Facebook CEO, Mark Zuckerberg, appeared for a hearing with the House Energy and Commerce Committee at the Rayburn House Office Building on Wednesday April 11, 2018 in Washington, DC. He wasn’t pushed on surveillance companies operating on the platform. (Photo by Matt McClain/The Washington Post via Getty Images)
When Mark Zuckerberg appeared before the House Energy and Commerce Committee last week in the aftermath of the Cambridge Analytica revelations, he tried to describe the difference between “surveillance and what we do.” “The difference is extremely clear,” a nervous-looking Zuckerberg said. “On Facebook, you have control over your information… the information we collect you can choose to have us not collect.”
But not a single member of the committee pushed the billionaire CEO about surveillance companies who exploit the data on Facebook for profit. Forbes has uncovered one case that might shock them: over the last five years a secretive surveillance company founded by a former Israeli intelligence officer has been quietly building a massive facial recognition database consisting of faces acquired from the giant social network, YouTube and countless other websites. Privacy activists are suitably alarmed.
That database forms the core of a facial recognition service called Face-Int, now owned by Israeli vendor Verint after it snapped up the product’s creator, little-known surveillance company Terrogence, in 2017. Both Verint and Terrogence have long been vendors for the U.S. government, providing bleeding-edge spy tech to the NSA, the U.S. Navy and countless other intelligence and security agencies.
As described on the Terrogence website, the database consists of facial profiles of thousands of suspects “harvested from such online sources as YouTube, Facebook and open and closed forums all over the globe.” Those faces were extracted from as many as 35,000 videos and photos of terrorist training camps, motivational clips and terror attacks. That same marketing page was online in 2013, according to internet archive the Wayback Machine, indicating the product is at least five years old. The age of the product also suggests far more than 35,000 videos and photos have been raided by the Face-Int technology by now, though Terrogence co-founder and research lead Shai Arbel declined to comment for this article.
Raising the stakes of facial recognition
Though Terrogence is primarily focused on helping intelligence agencies and law enforcement fight terrorism online, LinkedIn profiles of current and former employees indicate it’s also involved in other, more political endeavours. One ex-staffer, in describing her role as a Terrogence analyst, said she’d “conducted public perception management operations on behalf of foreign and domestic governmental clients,” and used “open source intelligence practices and social media engineering methods to investigate political and social groups.” She was not reachable at the time of publication.
And now concerns have been raised over just how Terrogence has grabbed all those faces from Facebook and other online sources. What’s apparent, though, is that Terrogence is yet another company that’s been able to clandestinely take advantage of Facebook’s openness, on top of Cambridge Analytica, which acquired information on as many as 87 million users in 2014 from U.K.-based researcher Aleksandr Kogan to help target individuals during its work for the Donald Trump and Ted Cruz presidential campaigns.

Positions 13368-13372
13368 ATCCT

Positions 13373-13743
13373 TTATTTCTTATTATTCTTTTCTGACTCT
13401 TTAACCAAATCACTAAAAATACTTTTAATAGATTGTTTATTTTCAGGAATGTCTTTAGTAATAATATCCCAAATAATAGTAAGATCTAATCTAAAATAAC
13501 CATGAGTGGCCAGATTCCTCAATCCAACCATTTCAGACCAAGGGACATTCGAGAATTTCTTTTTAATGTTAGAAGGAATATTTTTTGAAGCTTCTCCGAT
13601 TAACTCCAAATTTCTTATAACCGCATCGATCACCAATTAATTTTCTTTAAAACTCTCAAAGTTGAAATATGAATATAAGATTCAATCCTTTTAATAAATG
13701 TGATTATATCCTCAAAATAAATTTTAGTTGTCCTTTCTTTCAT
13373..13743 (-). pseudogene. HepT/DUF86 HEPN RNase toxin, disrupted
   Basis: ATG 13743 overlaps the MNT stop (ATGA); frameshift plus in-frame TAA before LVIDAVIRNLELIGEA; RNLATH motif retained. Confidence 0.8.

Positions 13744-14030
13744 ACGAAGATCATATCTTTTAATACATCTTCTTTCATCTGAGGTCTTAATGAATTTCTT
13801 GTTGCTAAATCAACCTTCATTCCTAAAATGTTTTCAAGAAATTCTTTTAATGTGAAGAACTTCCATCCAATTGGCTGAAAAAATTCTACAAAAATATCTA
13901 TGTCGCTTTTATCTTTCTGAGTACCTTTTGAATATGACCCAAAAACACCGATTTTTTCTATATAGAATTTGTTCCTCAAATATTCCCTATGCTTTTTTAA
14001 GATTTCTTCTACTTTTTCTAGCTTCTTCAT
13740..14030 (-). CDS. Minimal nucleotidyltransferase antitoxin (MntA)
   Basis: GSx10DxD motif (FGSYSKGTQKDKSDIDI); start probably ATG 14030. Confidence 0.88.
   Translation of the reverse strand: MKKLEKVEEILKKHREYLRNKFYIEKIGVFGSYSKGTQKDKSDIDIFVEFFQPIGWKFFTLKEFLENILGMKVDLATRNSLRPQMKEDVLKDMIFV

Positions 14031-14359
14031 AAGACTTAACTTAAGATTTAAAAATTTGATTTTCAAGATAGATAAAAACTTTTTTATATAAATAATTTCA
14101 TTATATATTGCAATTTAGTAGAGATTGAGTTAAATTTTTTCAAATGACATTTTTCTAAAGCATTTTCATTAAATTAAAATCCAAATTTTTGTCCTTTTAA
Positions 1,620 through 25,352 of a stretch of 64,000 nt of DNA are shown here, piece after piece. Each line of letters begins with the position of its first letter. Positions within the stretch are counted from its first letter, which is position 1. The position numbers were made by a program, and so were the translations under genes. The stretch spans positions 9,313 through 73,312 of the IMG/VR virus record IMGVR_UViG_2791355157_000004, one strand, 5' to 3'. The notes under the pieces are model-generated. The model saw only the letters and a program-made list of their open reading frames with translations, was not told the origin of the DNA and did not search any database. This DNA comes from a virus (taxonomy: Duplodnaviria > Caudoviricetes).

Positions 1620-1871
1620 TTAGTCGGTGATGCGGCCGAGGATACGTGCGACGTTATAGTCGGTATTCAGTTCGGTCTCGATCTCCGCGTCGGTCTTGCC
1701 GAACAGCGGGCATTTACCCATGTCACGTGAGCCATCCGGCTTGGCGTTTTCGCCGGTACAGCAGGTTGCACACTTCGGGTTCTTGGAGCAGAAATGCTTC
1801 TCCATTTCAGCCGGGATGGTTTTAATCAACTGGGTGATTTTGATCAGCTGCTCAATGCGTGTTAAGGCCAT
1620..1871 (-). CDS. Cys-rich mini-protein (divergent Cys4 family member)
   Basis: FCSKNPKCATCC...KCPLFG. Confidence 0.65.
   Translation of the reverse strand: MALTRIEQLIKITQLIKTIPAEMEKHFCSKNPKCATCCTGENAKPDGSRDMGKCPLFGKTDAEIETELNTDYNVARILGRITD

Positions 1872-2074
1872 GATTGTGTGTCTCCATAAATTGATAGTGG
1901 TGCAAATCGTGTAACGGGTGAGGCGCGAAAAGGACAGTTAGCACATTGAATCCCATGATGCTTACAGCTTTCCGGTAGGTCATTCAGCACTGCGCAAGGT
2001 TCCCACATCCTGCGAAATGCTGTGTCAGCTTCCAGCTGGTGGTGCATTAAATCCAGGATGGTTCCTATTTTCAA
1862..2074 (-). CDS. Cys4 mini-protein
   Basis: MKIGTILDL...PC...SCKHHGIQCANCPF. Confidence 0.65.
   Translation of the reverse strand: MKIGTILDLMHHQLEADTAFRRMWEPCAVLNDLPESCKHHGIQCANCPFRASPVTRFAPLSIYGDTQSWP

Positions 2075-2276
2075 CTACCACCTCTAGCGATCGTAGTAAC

“It raises the stakes of face recognition – it intensifies the potential negative consequences,” warned Jay Stanley, senior policy analyst at the American Civil Liberties Union (ACLU). “When you contemplate face recognition that’s everywhere, we have to think about what that’s going to mean for us. If private companies are scraping photos and combining them with personal info in order to make judgements about people – are you a terrorist, or how likely are you to be a shoplifter or anything in between – then it exposes everyone to the risk of being misidentified, or correctly identified and being misjudged.”
Jennifer Lynch, senior staff attorney at the Electronic Frontier Foundation, said that if the facial recognition database had been shared with the US government, it would threaten the free speech and privacy rights of social media users.
“Applying face recognition accurately to video is extremely challenging, and we know that face recognition performs poorly with people of color and especially with women and those with darker skin tones,” Lynch told Forbes. “Combining these two known problems with face recognition, there is a high chance this technology would regularly misidentify people as terrorists or criminals.
“This could impact the travel and civil rights of tens of thousands of law-abiding travelers who would then have to prove they are not the terrorist or criminal the system has identified them to be.”
It’s unclear just how the Face-Int product acquires faces, though it appears similar to a project run by the NSA, as revealed by whistleblower Edward Snowden in 2014, where the intelligence agency had gathered 55,000 “facial recognition quality images” from the web back by 2011. Co-founder Arbel, a former intelligence officer with the Israeli military, declined to respond to questions about how the tech works, though he described Face-Int as “amazing” in a text message and confirmed it continues to operate under Verint.